Chinese astronomers investigate black hole X-ray binary MAXI J1820+070


Image of MAXI J1820+070/ASASSN-18ey, taken with the Tsinghua-NAOC 0.8-m Telescope (TNT). Credit: Sai et al., 2021.

Astronomers from China have performed a comprehensive multiwavelength monitoring of a low-mass black hole X-ray binary system known as MAXI J1820+070. Results of this study, published April 21 on the arXiv pre-print repository, shed more light on the properties of this source.


In general, X-ray binaries are composed of a normal star or a white dwarf transferring mass onto a compact neutron star or a black hole. Based on the mass of the companion star, astronomers divide them into low-mass X-ray binaries (LMXB) and high-mass X-ray binaries (HMXB).

MAXI J1820+070 is an LMXB that was first detected during its outburst (which received designation ASASSN-18ey) in March 2018 by the All Sky Automated Survey for SuperNovae (ASAS-SN). Follow-up observations of this source confirmed its LMXB status and estimated that it is located some 9,640 light years away from the Earth.

After the discovery of MAXI J1820+070, a team of astronomers led by Hanna Sai of the Tsinghua University in Beijing, China, has commenced a monitoring campaign of this source in X-ray, ultraviolet, and optical bands, lasting over 18 months. For this purpose, the researchers employed ground-based facilities, including the 0.8-m Tsinghua-NAOC Telescope (TNT), the Yaoan High Precision Telescope, as well as the AZT-22 1.5-m telescope.

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“We present extensive photometry in X-ray, ultraviolet, and optical bands, as well as densely cadenced optical spectra, covering the phase from the beginning of optical outburst to ∼ 550 days,” the astronomers wrote in the paper.

The observational campaign captured several outbursts and rebrightenings of MAXI J1820+070. The spectra of this source showcases an evolution trend similar to other black hole LMXBs, which is most likely a result of the temperature change of the outer disc during outbursts. The optical emission was found to precede the X-ray by nearly 21 days during the rebrightening process.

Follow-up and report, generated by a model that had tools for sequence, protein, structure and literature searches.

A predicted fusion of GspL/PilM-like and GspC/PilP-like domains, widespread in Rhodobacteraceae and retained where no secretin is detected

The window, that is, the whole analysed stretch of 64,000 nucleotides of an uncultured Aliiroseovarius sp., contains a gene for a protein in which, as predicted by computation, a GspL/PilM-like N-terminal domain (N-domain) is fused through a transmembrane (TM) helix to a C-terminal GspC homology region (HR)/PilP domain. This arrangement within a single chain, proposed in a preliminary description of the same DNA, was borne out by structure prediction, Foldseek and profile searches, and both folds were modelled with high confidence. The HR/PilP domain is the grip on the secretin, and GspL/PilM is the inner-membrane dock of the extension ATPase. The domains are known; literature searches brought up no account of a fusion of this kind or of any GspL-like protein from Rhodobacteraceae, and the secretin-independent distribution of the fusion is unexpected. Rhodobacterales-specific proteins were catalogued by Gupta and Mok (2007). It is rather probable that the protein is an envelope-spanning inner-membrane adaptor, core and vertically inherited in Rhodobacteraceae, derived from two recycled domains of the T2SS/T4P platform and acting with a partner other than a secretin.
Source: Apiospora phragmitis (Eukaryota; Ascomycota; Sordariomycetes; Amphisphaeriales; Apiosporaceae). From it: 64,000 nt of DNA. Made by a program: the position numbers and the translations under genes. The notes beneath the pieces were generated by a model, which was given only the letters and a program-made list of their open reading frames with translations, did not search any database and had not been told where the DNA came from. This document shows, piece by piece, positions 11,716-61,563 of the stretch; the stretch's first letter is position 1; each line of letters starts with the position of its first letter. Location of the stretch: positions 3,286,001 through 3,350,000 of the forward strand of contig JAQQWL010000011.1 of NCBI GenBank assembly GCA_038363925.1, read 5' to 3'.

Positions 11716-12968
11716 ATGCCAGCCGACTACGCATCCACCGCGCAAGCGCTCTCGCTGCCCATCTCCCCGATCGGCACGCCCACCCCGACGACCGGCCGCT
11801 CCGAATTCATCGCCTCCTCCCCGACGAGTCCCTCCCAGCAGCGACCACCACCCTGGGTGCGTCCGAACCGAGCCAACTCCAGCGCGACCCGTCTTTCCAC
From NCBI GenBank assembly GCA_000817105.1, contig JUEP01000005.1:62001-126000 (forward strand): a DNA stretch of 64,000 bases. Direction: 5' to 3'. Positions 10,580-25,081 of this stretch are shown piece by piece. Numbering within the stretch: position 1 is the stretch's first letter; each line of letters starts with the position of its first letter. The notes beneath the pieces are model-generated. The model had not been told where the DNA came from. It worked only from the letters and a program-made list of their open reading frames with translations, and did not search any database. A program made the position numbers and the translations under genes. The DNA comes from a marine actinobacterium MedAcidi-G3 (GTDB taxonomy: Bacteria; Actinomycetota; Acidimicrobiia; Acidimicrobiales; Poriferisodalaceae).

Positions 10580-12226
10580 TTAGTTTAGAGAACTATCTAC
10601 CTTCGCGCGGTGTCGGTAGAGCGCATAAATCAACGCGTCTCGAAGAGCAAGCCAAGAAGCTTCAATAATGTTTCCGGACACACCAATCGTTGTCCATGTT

Furthermore, the pseudo equivalent width (pEW) of emission lines in MAXI J1820+070 exhibit anticorrelations with the X-ray flux, which could be due to the increased suppression by the optical continuum. At around the X-ray peak, the full width at half maximums (FWHMs) of Hβ and He ii λ4686 lines appear to stabilize at 19.4 Angstrom and 21.8 Angstrom. According to the paper, this corresponds to the line forming region at a radius of 1.7 and 1.3 solar radii within the disk.

Starting from about 200 days after the outburst commenced, the X-ray flux shows a sudden drop, while the flux variation in optical/ultraviolet flux is much less significant.

“This discrepancy suggests that the viscous energy of the accretion disk can contribute significantly to the optical/ultraviolet flux when irradiation diminished,” the astronomers explained.

The study also detected an intensity jump in optical and ultraviolet bands about 210 days after the start of the outburst, what could be an instantaneous response of the companion to the heating of X-rays and a response of the disk to the extra mass flow.


Outburst of the X-ray transient MAXI J1727–203 investigated with NICER


More information:
Optical and Ultraviolet Monitoring of the Black Hole X-ray Binary MAXI J1820+070/ASASSN-18ey for 18 Months, arXiv:2104.10370 [astro-ph.HE] arxiv.org/abs/2104.10370

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Chinese astronomers investigate black hole X-ray binary MAXI J1820+070 (2021, April 27)
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